Ollie Pope Century takes his stats to a new level

Ollie Pope's century takes his stats to a new level: Getty Images / Ben Hoskins

Ollie Pope’s century takes his stats to a new level: Getty Images / Ben Hoskins

In the five years since his Test debut, Ollie Pope has left no one in doubt of his abilities, yet a frightening gap has emerged in his portfolio while playing for England, which he began to plug when he scored a glittering century for county champions Surrey against one of their main rivals, Hampshire.

Pope, 25, achieved an odd record: a batting average of 43 in his first innings in Tests and just 16 in his second innings. Only one other English batsman has ever had a greater mismatch.

Shaping off an imperious and unbeaten 122 off only 102 balls in his second innings, after Surrey had been set what was initially a tough target of 247 by Hampshire, should help Pope close this gap in his Test record, which is more significant than an oddity statistic.

When Pope played his last Test and England were set 258 by New Zealand at Wellington and lost by a run, Pope contributed no more than a frantic 14 in his second innings, giving the impression that it was so desperate to win he failed to go through the normal batting processes. Next time England chase a goal, Pope—and his supporters—may feel more confident about his second innings.

Wicketkeepers tire more than most players as Tests go by, but Pope has only kept wicket in three Tests, so there was more to this second innings run shortage.

The only English batsman to have a greater difference between first and second innings average in Tests was Nottinghamshire’s Joe Hardstaff junior: 64 for 23. He played either side of the Second World War, an era in which all cricketers outside England were amateurs, and when players could celebrate after scoring a century. Hardstaff was a man who enjoyed a party.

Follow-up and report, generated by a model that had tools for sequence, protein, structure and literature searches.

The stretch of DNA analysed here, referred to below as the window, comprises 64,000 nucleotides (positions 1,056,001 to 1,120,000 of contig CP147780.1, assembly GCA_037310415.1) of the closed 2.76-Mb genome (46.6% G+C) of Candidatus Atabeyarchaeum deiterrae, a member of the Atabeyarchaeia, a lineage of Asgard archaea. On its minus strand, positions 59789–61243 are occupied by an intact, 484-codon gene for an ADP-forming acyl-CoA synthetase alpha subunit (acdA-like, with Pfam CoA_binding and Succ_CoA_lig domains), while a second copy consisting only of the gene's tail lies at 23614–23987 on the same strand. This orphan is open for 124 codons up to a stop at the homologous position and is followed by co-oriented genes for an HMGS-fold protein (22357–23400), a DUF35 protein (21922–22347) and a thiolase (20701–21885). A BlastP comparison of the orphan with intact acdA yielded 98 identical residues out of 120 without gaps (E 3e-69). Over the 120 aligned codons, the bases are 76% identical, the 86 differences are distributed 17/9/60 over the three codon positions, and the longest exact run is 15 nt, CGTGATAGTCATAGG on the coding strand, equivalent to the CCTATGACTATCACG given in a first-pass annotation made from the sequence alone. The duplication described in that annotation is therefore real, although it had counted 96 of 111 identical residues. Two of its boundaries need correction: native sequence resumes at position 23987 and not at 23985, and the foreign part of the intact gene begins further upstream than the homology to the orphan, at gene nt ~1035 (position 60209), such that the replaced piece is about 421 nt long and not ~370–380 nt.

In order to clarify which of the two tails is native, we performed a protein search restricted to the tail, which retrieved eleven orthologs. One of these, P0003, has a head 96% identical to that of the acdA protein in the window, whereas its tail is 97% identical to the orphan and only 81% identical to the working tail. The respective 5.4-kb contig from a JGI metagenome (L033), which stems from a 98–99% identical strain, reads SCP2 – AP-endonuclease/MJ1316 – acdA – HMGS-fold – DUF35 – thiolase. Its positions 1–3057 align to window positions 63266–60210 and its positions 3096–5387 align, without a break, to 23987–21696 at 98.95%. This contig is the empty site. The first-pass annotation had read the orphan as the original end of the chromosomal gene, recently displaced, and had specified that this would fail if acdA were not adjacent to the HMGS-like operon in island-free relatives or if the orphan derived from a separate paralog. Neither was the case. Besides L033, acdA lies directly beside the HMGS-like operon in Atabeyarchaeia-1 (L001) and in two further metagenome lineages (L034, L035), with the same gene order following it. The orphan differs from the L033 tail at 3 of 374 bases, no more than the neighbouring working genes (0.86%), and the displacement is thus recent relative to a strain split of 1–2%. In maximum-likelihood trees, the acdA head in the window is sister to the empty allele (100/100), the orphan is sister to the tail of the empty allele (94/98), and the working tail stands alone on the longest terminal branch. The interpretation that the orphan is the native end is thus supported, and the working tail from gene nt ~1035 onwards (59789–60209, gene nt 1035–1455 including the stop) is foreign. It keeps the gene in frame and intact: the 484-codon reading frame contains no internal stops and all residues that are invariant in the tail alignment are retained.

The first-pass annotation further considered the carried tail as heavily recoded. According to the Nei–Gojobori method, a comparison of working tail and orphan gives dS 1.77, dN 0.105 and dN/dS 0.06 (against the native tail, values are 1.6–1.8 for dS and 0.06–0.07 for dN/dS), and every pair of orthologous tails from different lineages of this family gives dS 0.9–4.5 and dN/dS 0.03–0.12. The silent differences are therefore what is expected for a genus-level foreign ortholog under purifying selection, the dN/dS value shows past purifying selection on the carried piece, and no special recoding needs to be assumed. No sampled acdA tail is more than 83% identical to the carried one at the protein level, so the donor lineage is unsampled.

Pope was aided by two former England batsmen, Rory Burns and Dominic Sibley, who beat Hampshire making 54 for the first wicket. Overall Surrey needed around four runs per over and went to just over two when Burns was out.

Pope’s first innings of 91 had kept Surrey in the game; the latter tore Hampshire apart in his partnership with Sibley, returning to his original county after six summers at Warwickshire: slightly more sideways and no less sure of his legs, though still unsettled by the ball that dragged him out to play from the stump.

“The boys are thrilled because Hampshire will be one of our toughest opponents this summer,” Pope said afterward. “There’s a lot of amazing talent in our dressing room and everyone is really happy that we were able to win in this match.

“I’m very happy with the way I played and it was good to bat with Dom (Sibley) in that partnership. He has also played superbly and will be getting many more 50-plus scores this season.

“It was hard work in the first innings in overcast conditions against their offense, and although I was annoyed to go out for 91, it was all good once I got back to the dressing room. I felt cold because overall I had played well.

“Our fast bowlers were also brilliant in this game and it was their efforts that gave us a chance to chase that kind of total. It was a newball wicket, which is why the efforts of Dom and Rory Burns up top were so important, but it got easier to bat once the ball got softer.

As Sibley built up, Pope soared to the sublime in some of his jabs until he could have been Joe Root at his boldest, and was perhaps even more nimble in his footwork. Hampshire’s top-class offense was dismantled before Pope finished the game running into stoppages by Felix Organ on back-to-back sixes.

Pope has now hit 11 first-class hundreds at the Oval in only 36 innings, and averages 96 there. Don Bradman had a first-class average over 100 at many grounds. Of the England batsmen, Wally Hammond averaged 110 at Sydney and over 200 at three county grounds. Of modern hitters Pope, more than most, feels at home when he plays at home.

A second Cranleigh alumni has made a significant impact for Surrey: Tom Lawes, a fast-medium bowler who could get faster given he’s only 20 years old. He took six wickets, including Liam Dawson with a perfect outswinger first time out and Nick Gubbins with old ball in Hampshire’s second innings. Surrey then swept Hampshire’s last four wickets for just 14 runs off the second new ball and chased down the target with papal panache and nine wickets to spare.

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